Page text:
For the last few years I have found the recurring international breaks an unwanted interruption to the first half of the domestic season, which almost always brought pain and frustration.
But not any more.
Suddenly, Scotland have begun to win back the fans.
Expectations have risen and the nation is once again identifying with the players in dark blue. It has been a slow process over the past year during which the team has avoided defeat; qualification for both the Euros and the 2022 World Cup seem entirely feasible. More than three decades of hurt might just be about to end.
When the side last put together an eight-match unbeaten run, Margaret Thatcher was still prime minister and Alex Ferguson had yet to win his first trophy with Manchester United.
May 1988 seems a lifetime ago for those of us who have endured the trials and tribulations of being a Scotland fan, and we have every reason to at last feel more confident about the national team’s prospects.
What Steve Clarke has done over the past 12 months is pretty remarkable, but with hindsight, and a run of positive results to factor in, it should really have come as no surprise.
He has rebuilt Scotland in almost exactly the same way he did Kilmarnock, justifying the near unanimous backing for his appointment in the early summer of 2019.
The November triple-header, which begins with the Serbia play-off, cannot come quickly enough.
Among so many pluses, the highlight of the past week has been long overdue international recognition for Andrew Considine.
The big man has been the Dons’ most consistent performer over the past decade or so, on three separate occasions doing the double at the annual Player of the Year awards, and it is outrageous he had to wait so long to earn his first cap.
In that time Grant Hanley played 30 times for his country, Russell Martin appeared in 29 games and Gordon Greer 11. Danny Wilson won five caps and even Jack Hendry was selected three times. Not one is a better defender than Andy.
Age is against him, so he won’t have a long Scotland career, but I hope Steve Clarke keeps him involved and he gets the chance to enjoy more recognition, perhaps even an appearance or two at the Euro 2021 Finals.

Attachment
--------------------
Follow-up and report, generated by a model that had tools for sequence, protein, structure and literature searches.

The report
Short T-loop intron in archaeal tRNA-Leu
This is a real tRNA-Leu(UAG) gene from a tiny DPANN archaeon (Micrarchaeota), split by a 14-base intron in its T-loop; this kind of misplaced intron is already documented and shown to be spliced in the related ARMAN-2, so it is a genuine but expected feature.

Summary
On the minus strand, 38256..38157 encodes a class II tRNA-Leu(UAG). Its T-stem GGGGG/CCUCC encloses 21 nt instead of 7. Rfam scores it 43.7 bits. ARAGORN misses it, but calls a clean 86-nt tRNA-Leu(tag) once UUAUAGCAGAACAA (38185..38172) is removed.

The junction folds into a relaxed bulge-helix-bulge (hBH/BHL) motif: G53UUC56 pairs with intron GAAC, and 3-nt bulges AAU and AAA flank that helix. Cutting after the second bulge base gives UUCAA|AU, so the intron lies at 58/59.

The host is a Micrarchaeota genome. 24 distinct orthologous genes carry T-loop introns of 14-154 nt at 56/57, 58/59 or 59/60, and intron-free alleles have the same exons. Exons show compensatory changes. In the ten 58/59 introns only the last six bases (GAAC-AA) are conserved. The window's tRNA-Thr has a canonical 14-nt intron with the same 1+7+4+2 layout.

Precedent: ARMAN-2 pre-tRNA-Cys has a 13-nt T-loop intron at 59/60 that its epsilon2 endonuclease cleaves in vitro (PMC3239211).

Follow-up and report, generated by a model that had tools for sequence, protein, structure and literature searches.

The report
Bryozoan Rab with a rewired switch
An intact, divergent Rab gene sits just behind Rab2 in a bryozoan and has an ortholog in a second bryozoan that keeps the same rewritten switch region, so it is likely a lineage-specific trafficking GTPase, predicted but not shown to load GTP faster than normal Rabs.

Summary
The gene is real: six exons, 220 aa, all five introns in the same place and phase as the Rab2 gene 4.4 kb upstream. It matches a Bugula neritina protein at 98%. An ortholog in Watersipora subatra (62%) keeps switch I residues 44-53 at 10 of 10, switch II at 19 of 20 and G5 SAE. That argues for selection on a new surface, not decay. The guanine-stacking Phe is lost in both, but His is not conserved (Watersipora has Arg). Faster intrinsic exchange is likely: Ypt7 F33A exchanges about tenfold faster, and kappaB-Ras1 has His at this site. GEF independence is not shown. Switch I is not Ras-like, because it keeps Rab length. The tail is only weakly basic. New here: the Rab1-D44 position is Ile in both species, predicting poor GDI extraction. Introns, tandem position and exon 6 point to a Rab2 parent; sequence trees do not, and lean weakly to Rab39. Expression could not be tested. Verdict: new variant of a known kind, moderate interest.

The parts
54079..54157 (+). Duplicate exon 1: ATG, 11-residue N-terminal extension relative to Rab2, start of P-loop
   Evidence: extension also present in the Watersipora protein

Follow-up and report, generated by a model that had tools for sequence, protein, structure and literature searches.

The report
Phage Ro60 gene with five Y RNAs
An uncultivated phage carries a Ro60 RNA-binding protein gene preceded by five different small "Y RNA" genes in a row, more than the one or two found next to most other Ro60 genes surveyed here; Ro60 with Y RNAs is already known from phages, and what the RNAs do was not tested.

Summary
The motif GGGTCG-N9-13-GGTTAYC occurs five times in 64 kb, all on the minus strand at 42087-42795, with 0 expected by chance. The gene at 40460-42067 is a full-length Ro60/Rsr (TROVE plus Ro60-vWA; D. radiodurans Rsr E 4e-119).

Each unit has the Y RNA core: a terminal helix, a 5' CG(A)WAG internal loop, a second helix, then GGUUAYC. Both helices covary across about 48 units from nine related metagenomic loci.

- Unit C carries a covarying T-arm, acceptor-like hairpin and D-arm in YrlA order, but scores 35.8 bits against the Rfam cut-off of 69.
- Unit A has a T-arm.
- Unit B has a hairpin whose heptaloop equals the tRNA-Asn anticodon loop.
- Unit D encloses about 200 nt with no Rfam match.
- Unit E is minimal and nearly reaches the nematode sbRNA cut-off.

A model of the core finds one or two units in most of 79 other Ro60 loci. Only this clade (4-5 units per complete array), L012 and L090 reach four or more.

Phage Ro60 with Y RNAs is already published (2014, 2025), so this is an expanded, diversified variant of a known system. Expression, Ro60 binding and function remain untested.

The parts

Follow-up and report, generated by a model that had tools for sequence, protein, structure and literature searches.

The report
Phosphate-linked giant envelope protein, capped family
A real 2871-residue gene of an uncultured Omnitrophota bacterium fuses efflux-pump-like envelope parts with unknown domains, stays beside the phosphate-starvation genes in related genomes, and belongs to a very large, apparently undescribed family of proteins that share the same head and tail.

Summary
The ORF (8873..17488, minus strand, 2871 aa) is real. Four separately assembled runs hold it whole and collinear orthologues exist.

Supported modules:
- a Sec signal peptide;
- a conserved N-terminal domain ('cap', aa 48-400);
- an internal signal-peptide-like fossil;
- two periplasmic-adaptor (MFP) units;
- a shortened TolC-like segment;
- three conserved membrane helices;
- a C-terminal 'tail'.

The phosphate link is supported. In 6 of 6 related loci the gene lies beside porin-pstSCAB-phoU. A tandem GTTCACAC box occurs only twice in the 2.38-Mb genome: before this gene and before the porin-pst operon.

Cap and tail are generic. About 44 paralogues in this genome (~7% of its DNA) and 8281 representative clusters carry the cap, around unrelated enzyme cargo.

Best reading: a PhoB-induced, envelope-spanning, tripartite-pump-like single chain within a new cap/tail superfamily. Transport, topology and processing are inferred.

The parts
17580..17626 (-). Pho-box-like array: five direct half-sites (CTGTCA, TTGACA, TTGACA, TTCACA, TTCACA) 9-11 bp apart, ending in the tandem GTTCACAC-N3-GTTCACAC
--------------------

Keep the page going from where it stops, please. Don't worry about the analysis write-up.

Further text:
By the time he brings the curtain down on his Aberdeen career, the likelihood is that only Willie Miller and Alex McLeish will have played more games for the club – and he might yet overtake big Alex.
He is already a Dons legend, even fans who took a bit of convincing – and I had a number of such discussions with one good friend – must appreciate the massive contribution he has made at Pittodrie.
Finally getting his Scotland call-up was the icing on the cake.
Long-awaited fixture odd without a crowd
This afternoon will be one of the instances where the absence of fans at matches will be most keenly felt.
When the fixture list was published, this was the date many fans would immediately have ringed on their calendars; a game they would have been anticipating for months. Sadly, it will go ahead without its normal raucous atmosphere.
While most of my colleagues will be consumed by events in the east end of Glasgow, my thoughts will be focused some 80 miles north where Aberdeen take on Dundee United in a Premiership fixture for the first time in four-and-a-half years.
Tannadice was always a great day out. I’ve been in that stadium numerous times when Dons fans have vastly outnumbered the home support, and even when they haven’t, they generated more noise.
There is not the rivalry of when I was growing up; United’s fall from grace has seen to that, but it would still have been a special occasion, and it won’t be quite the same today.